Oil to see massive demand thrust through 2040: Opec

September 25, 2018

Oil is expected to remain the fuel with the largest share in the energy mix through 2040, said Opec in its World Oil Outlook 2018, raising the long-term oil demand upward for the second consecutive year, with demand at over 111.7 million barrels per day (mb/d) in 2040.

Total primary energy is set to expand by a robust 33 per cent between 2015 and 2040, driven predominantly by developing countries, which see almost 95 per cent of the overall energy demand growth, added the Opec outlook.

Natural gas witnesses the largest demand growth in absolute terms, and renewables the largest growth in percentage terms, it said.

The 2018 Opec World Oil Outlook (WOO) launched in Algiers, Algeria yesterday (September 23), offers a thorough review and assessment of the medium- and long-term prospects to 2040 for the global oil industry, as well as analysis of various sensitivities that have the potential to impact the petroleum industry in the years ahead.

In launching the WOO, Mohammad Sanusi Barkindo, Opec secretary general said that the past year had been a historic one for the Organization, as well as the global oil industry, with the historic ‘Declaration of Cooperation’ “helping accelerate the return of balance to the global oil market, bringing more optimism to the industry, which in turn, has had a positive effect in the global economy and trade worldwide.”

He added that “the importance of these recent developments, specifically in terms of helping achieve sustainable market stability, is clearly vital across all timeframes,” which is evidenced in the analysis provided in the WOO 2018.

This year’s publication, the 12th edition, presented by Dr Ayed Al Qahtani, director of research Division, Opec, highlights the industry’s various linkages, and considers developments in areas such as the global economy, energy demand, oil supply and demand, both in the upstream and downstream, policy and technology developments, and environment and sustainable development concerns. This all helps provide the framework for the WOO’s Reference Case, including breakdowns by region, sector and timeframe.

The year’s WOO launch, alongside the 10th Meeting of the Joint Ministerial Monitoring Committee (JMMC), is part of the celebrations of the 2nd Anniversary of the seminal Algiers meeting (the 170th (Extraordinary) Meeting of the Opec Conference) that took place on 28 September, 2016.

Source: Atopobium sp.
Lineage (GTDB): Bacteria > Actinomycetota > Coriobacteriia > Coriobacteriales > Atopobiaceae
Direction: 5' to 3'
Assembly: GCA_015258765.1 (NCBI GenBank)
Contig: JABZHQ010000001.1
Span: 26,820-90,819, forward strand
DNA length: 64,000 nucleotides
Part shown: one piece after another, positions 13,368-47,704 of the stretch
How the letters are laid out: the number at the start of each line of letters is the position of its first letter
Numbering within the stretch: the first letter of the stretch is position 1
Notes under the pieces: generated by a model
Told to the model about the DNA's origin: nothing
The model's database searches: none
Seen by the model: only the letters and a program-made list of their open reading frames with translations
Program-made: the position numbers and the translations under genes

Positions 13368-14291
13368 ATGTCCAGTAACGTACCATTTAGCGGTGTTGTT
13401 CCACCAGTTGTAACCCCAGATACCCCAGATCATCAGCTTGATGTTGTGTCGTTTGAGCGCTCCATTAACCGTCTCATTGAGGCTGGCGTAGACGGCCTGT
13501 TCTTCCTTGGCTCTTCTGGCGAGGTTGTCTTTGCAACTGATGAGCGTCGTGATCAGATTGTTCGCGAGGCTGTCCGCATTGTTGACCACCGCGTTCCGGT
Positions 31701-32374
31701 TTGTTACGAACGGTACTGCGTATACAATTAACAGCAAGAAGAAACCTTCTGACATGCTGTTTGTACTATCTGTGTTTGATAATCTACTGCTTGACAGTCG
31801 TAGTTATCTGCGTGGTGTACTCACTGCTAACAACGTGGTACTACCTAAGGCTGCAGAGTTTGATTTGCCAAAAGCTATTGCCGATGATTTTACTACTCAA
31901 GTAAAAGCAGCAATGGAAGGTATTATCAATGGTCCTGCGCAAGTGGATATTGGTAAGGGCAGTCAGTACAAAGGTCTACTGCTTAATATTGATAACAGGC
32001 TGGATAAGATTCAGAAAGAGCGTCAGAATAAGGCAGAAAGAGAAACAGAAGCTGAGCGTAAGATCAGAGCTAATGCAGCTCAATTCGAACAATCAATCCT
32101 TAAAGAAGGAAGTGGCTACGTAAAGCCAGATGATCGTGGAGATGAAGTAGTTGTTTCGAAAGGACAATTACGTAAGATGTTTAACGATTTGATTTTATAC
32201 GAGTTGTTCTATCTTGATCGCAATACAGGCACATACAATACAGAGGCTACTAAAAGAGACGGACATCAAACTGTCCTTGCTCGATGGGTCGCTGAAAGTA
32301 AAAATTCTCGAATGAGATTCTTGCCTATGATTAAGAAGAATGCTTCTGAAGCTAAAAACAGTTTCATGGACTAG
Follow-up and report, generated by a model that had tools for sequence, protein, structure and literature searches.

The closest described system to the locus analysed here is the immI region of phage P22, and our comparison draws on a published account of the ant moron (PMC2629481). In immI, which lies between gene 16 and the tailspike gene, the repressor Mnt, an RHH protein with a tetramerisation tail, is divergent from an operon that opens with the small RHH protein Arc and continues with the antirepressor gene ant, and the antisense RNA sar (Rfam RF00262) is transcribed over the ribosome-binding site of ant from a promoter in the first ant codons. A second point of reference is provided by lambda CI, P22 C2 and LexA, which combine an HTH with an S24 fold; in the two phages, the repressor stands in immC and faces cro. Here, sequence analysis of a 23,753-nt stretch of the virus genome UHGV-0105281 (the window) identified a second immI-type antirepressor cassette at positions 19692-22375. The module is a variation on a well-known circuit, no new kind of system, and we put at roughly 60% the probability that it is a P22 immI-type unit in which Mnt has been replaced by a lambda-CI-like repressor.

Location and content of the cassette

Some specific highlights from this year’s WOO include:

• All forms of energies will be required in the future; it is not about choosing one form of energy over another.

• Demand growth is driven by non-OECD regions, which see a huge increase of around 23 mb/d to 2040.

• There is no expectation for peak oil demand over the forecast period to 2040.

• Long-term demand growth comes mainly from the petrochemicals (4.5 mb/d), road transportation (4.1 mb/d) and aviation (2.7 mb/d) sectors;

• The total vehicle fleet – including passenger and commercial vehicles – is projected to increase to around 2.4 billion in 2040.

• The majority of the growth continues to be for conventional vehicles, but the long-term share of electric vehicles in the total fleet is projected to expand and reach a level of around 13 per cent in 2040, supported by falling battery costs and policy support.

• Non-Opec liquids supply is forecast to increase by more than 9 mb/d between 2017 and 2027, with the major driver being US tight oil, but beyond this period non-Opec supply is set to decline by around 4 mb/d.

• The demand for Opec crude is projected to increase to around 40 mb/d in 2040, up from 32 mb/d in 2018.

• The share of Opec crude in the global oil supply is estimated to increase from 34 per cent in 2017 to 36 per cent in 2040.

• Global refinery additions are projected mainly in developing regions, led by the Asia-Pacific and the Middle East, but also Africa and Latin America.

• Fast evolving trade patterns for crude oil and refined products will continue to evolve, driven initially by additional flows from the US & Canada, and in the long-term by the Middle East, mostly attributed to increasing imports to the Asia-Pacific.

• In the period to 2040, the required global oil sector investment is estimated at $11 trillion.

• Opec remains fully engaged and supportive of the Paris Agreement on climate change, and it is vital that we collectively develop and adopt technologies, as well as all-inclusive energy policies, that transform the environmental credentials of all energies.

• Energy poverty remains a major global challenge, with almost one billion people still without access to electricity and three billion lacking access to clean fuels for cooking.